16. George Pley, jun., to the Navy Comrs. Can prove that he has more offered for his goods, since of the last furnished into Portsmouth, he sold part of the very worst to others for more than he sold them the best; for the last Noyals which he sold them for 20l. the bale, he refused 30l. from an eminent man of Bristol, and a good paymaster, and disposed of another bale of seconds to one of London for 25l. Judges that he has no obligation to Mr. Browne, who carried four passes from His Majesty and his Royal Highness, by virtue of which he may lade what goods he lists; supposes he has not, for the sake of advantage, spared all his passes for Irish voyages, although he understands that he has disposed of one or more to that purpose; desires to have nothing to do with him. Is sorry to be obliged to say so much, as his principle is to look to his own imperfections, without touching other men's, but Browne's creating excuses has made him interfere. [Adm. Paper.]
June 10.
Leith Road.
17. Sir Jer. Smith to the Navy Comrs. Particulars of ships. Asks for supplies. Cordage is very bad and dear in those parts, being 52s. per cwt., whereas in Hull he could have it for 30s. Knows not what he shall do unless some money is sent for defraying necessary charges. Expected to have found that place we before nished [with provisions], having given three weeks' notice before coming. Has spoken to Mr. Gauden's agent, who is very dull, negligent, and careless, and gives little or no attendance, being employed as factor in merchants' affairs. Spoke to Capt. Lee, late commander of the Paul fire-ship, who has bought a vessel at Leith, and intends shortly for London. On March 31, the Milford and Nightingale, with the Sweepstakes and Elias, met 60 sail of Hollanders near the coast of Norway, light ships, with one manof-war and a ketch of eight guns for their convoy. The Milford took five, the Nightingale three, and they suppose the Sweepstakes and Elias took each of them three. They had very much wind; so could not do much spoil, nor get up with the man-of-war and ketch, who made from them with all the sail they could, and about 3 or 4 followed; the rest were dispersed; it is thought that some privateers cruizing in those parts have gleaned up many of the dispersed fleet. The Milford and Nightingale were forced to leave the Sweepstakes and Elias all their fishes to fish their masts, and as there are no masts nor sails left, there will be no venturing them out to sea unless supplied. Supposes Mr. Phineas Pett has given an account of the masts, and how serviceable they are there for the frigates, and his assistance would be very useful, if they will order it. The Sweepstakes and Elias have not arrived, nor any of their prizes, except one of the Nightingale's, which is rather a wreck than a prize. Sends copy of a demand for stores given to Sir Wm. Batten. [Adm. Paper, 2 pages. Much damaged.]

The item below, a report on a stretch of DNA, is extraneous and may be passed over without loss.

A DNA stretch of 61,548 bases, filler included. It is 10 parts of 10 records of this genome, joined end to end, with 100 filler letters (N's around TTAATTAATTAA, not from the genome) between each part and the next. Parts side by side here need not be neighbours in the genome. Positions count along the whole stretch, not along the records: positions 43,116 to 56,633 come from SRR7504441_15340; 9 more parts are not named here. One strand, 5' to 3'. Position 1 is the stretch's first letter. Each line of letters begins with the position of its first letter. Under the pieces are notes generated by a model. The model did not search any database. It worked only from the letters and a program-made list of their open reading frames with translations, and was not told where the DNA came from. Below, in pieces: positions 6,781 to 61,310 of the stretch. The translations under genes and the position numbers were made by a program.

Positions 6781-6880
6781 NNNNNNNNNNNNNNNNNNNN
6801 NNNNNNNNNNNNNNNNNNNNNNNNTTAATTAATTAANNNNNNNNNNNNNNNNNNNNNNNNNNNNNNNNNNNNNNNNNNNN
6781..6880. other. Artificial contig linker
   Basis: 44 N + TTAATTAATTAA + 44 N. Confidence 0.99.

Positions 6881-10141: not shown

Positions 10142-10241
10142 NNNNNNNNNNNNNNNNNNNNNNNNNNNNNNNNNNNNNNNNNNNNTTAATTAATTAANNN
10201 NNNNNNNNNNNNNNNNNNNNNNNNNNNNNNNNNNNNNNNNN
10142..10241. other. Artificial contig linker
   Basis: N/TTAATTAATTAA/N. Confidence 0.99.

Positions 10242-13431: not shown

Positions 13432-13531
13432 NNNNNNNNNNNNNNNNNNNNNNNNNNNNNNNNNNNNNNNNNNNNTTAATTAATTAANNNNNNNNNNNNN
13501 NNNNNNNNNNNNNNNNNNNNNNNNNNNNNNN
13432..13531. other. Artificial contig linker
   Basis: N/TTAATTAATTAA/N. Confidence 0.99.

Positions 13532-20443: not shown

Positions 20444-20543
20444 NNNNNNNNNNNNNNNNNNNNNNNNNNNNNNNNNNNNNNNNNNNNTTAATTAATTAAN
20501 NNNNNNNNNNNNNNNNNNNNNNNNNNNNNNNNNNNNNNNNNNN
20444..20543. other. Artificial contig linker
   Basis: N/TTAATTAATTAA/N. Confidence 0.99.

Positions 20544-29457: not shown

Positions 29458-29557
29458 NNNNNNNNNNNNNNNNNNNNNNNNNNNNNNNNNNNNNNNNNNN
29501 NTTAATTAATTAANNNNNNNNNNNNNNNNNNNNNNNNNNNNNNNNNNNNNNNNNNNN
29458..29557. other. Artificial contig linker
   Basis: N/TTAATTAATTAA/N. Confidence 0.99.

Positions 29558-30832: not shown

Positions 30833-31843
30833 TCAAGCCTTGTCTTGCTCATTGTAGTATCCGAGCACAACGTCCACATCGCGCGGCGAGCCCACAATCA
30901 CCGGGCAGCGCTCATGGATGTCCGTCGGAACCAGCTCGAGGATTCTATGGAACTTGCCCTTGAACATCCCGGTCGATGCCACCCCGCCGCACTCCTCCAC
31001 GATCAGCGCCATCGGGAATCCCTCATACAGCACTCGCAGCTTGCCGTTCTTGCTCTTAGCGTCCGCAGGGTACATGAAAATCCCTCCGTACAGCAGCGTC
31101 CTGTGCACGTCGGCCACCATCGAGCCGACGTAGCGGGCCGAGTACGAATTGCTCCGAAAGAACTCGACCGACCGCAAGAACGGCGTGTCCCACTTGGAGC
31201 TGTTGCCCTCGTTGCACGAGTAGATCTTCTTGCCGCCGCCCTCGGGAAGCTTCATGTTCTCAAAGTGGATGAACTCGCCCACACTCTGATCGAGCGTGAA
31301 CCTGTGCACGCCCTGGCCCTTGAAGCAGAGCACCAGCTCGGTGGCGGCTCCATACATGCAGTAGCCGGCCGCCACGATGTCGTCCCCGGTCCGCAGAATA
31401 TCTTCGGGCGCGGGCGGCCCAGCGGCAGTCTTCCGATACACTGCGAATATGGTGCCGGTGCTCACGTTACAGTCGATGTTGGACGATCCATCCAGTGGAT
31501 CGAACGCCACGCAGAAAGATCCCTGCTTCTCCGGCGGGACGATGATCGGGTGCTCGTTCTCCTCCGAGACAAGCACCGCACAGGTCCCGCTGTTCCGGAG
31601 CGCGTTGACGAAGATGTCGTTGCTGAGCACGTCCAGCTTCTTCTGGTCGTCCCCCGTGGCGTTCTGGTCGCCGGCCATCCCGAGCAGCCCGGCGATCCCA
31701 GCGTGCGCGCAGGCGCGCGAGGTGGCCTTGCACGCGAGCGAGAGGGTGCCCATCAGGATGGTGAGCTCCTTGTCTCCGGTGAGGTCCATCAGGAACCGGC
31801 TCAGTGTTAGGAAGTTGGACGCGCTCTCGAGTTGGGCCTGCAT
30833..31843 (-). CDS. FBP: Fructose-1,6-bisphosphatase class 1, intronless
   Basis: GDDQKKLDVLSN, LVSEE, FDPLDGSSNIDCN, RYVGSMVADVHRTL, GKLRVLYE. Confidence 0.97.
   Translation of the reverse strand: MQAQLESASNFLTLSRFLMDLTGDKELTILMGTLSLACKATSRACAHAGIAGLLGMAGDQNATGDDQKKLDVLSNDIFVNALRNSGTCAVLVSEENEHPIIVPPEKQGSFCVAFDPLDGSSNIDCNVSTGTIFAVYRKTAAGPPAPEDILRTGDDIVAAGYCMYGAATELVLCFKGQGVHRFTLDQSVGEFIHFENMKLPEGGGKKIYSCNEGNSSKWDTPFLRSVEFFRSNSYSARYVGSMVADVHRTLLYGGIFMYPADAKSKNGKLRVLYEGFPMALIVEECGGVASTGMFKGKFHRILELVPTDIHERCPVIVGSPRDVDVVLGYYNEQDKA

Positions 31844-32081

June 10. 18. Sir Wm. Coventry to the Navy Comrs. Sends a letter from Sir W. Jennings, and desires they will supply him with the stores required, as he has been abroad in bad weather, and may want them. Asks them to fill up enclosed commissions and send them to him, together with the order about commanding for Sir F. Holles. [Adm. Paper.] Encloses,